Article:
Douglas Blackmon’s new documentary film project, The Harvest, is a look at the history and legacy of school integration in his native Leland, Mississippi. Blackmon is the Miller Center’s Director of Public Programs and the Host and Executive Producer of its nationally syndicated PBS television program, American Forum.
The Harvest is based on a simple premise: Many of the children born in Mississippi in 1964—the year of the landmark Civil Rights Act of 1964—became the first Mississippi children to experience a fully integrated grades one through twelve. This group included Blackmon himself, and the film, along with an accompanying book, will explore the consequences of school desegregation for Blackmon and his classmates, as well as their community and America as a whole.
He is the Pulitzer-Prize winning author of Slavery by Another Name: The Re-Enslavement of Black Americans from the Civil War to World War II, and co-executive producer of the acclaimed PBS documentary based of the same name. His is also a contributing correspondent at The Washington Post and executive producer and host of American Forum, a public affairs program produced by the University of Virginia’s Miller Center and aired on 100 public television affiliates across the U.S.
His book, a searing examination of how the enslavement of African-Americans persisted deep into the 20th century, was awarded the 2009 Pulitzer Prize for General Non-Fiction. The Slavery by Another Name documentary was broadcast in February 2012 and attracted an audience of 4.8 million viewers.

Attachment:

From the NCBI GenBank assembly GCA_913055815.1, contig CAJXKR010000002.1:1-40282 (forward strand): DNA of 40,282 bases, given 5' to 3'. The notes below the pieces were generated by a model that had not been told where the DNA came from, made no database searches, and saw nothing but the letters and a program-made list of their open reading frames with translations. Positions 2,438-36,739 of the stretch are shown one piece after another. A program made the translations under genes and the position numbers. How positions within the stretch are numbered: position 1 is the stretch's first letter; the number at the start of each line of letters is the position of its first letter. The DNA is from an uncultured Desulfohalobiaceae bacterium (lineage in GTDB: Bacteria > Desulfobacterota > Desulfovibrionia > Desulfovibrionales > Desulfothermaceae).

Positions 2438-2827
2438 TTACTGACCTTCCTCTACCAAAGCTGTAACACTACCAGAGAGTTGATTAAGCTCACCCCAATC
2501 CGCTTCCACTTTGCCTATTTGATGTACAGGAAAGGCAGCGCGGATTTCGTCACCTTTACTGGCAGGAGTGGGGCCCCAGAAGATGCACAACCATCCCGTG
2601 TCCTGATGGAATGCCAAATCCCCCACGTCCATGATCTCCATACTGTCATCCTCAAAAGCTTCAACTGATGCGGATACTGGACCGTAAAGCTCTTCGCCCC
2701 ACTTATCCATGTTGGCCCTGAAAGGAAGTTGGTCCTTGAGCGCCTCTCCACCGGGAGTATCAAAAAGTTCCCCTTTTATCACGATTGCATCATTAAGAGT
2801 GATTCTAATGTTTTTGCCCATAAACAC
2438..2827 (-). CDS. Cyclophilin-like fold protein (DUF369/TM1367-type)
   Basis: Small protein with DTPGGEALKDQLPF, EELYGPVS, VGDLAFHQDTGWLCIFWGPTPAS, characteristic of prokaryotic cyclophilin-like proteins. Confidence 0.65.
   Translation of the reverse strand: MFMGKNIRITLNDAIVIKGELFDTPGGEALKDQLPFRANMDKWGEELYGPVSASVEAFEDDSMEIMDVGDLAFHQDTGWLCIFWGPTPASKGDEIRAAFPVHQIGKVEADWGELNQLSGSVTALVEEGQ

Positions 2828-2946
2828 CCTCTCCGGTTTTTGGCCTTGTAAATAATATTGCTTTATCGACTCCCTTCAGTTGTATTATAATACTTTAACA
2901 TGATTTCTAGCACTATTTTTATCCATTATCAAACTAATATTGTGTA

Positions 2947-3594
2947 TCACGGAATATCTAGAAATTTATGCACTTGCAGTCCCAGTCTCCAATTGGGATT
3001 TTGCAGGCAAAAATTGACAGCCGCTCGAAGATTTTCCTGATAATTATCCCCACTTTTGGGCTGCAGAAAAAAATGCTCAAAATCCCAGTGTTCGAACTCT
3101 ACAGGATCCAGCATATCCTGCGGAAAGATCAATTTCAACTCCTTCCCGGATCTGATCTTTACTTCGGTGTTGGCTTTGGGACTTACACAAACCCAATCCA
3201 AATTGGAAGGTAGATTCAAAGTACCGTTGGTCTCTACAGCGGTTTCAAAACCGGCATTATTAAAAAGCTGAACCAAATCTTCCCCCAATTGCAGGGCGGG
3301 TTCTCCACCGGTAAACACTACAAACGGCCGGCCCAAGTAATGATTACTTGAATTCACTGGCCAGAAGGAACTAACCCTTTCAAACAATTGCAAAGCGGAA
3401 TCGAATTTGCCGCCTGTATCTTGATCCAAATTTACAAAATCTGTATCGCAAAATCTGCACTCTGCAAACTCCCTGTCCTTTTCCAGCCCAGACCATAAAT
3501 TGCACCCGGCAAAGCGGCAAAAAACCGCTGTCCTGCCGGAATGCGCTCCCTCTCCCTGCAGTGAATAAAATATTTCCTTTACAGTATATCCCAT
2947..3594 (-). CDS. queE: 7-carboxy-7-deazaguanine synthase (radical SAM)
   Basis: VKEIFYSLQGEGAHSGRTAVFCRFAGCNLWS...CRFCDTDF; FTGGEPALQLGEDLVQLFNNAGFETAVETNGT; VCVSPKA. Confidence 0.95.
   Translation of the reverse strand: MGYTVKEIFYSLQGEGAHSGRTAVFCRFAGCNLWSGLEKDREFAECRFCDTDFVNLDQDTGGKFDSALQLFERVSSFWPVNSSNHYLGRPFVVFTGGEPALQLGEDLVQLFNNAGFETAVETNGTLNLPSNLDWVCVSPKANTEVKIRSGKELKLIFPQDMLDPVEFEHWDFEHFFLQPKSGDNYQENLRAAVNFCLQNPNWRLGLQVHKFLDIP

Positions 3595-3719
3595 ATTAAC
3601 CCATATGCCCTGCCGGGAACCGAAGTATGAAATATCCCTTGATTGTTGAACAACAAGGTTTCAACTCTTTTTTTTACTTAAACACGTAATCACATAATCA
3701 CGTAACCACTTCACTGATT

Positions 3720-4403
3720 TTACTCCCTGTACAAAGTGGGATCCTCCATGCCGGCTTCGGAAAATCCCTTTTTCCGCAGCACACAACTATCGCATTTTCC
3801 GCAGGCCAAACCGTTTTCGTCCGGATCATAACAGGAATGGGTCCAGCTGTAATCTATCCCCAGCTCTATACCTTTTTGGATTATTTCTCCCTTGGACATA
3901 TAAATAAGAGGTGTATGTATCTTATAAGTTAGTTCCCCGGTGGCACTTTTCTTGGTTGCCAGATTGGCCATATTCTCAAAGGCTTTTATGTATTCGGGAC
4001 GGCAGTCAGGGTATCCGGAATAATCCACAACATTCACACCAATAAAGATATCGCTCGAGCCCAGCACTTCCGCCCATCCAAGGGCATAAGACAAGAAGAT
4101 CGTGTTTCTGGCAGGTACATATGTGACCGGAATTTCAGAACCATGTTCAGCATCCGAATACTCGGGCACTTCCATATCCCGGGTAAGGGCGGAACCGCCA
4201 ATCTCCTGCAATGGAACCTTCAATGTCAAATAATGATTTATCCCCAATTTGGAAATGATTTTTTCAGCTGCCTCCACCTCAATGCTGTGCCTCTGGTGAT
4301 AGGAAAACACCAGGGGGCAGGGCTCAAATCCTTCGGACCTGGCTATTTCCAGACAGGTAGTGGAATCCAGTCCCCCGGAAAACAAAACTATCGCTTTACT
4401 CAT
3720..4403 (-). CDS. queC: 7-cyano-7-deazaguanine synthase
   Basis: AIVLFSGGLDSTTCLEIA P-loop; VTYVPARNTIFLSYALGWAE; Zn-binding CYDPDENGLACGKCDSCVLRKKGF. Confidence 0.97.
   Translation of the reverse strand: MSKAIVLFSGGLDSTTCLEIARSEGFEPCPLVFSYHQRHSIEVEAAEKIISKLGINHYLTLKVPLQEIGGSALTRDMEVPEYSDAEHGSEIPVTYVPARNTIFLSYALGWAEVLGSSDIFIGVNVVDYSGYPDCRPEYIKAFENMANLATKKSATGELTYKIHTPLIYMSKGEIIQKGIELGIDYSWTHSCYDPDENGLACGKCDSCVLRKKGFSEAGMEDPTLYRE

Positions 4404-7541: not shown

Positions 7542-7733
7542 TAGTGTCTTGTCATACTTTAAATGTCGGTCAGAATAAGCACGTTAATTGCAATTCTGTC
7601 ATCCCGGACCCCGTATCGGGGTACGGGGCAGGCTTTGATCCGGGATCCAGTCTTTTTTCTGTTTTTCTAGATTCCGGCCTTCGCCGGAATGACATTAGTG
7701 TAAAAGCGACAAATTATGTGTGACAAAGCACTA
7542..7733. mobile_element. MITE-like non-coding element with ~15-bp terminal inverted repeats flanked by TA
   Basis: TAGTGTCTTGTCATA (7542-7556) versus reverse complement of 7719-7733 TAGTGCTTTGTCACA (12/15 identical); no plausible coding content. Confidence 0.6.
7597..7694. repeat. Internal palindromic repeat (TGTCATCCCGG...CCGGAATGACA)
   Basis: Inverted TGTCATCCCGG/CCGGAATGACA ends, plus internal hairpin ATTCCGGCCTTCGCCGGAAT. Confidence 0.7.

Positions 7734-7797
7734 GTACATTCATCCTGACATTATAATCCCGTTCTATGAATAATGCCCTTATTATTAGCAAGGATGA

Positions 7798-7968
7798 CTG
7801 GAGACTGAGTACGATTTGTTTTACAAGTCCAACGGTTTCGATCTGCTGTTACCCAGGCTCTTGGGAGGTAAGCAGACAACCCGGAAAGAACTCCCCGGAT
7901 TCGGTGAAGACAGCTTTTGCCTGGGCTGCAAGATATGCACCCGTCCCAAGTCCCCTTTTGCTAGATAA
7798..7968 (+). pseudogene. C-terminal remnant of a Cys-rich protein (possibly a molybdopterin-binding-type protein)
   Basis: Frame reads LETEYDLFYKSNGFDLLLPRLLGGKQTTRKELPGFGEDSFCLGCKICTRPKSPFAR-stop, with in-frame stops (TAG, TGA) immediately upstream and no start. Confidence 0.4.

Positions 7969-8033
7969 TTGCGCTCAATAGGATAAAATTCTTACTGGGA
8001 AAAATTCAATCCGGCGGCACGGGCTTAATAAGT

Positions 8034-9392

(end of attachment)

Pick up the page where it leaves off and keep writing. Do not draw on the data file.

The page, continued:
Until joining the Washington Post in 2011, Blackmon was the longtime chief of The Wall Street Journal’s Atlanta bureau and the paper’s Senior National Correspondent. He has written about or directed coverage of some of the most pivotal stories in American life, including the election of President Barack Obama, the rise of the tea party movement and the BP oil spill. Overseeing coverage of 11 southeastern states for the Journal, he and his team of reporters were responsible for the Journal’s acclaimed coverage of Hurricane Katrina and the failed federal response after that disaster, the Journal’s investigation into the training and preparations of the 9/11 hijackers in Florida, immigration, poverty, politics and daily reporting on more than 2,500 corporations based in the region.
Join Pulitzer Prize-winning author Douglas Blackmon and Emmy-Award winning producer Sam Pollard as they are interviewed by Jeff Bieber, Vice President of Content Development and Production from WETA television, about their careers and the challenges inherent in making history films. They will share excerpts from their new film The Harvest (2017)*, a look at the legacy of school integration in Blackmon’s native Leland, Mississippi. Come early to see a screening of Blackmon and Pollard’s previous film Slavery by Another Name (2012)*.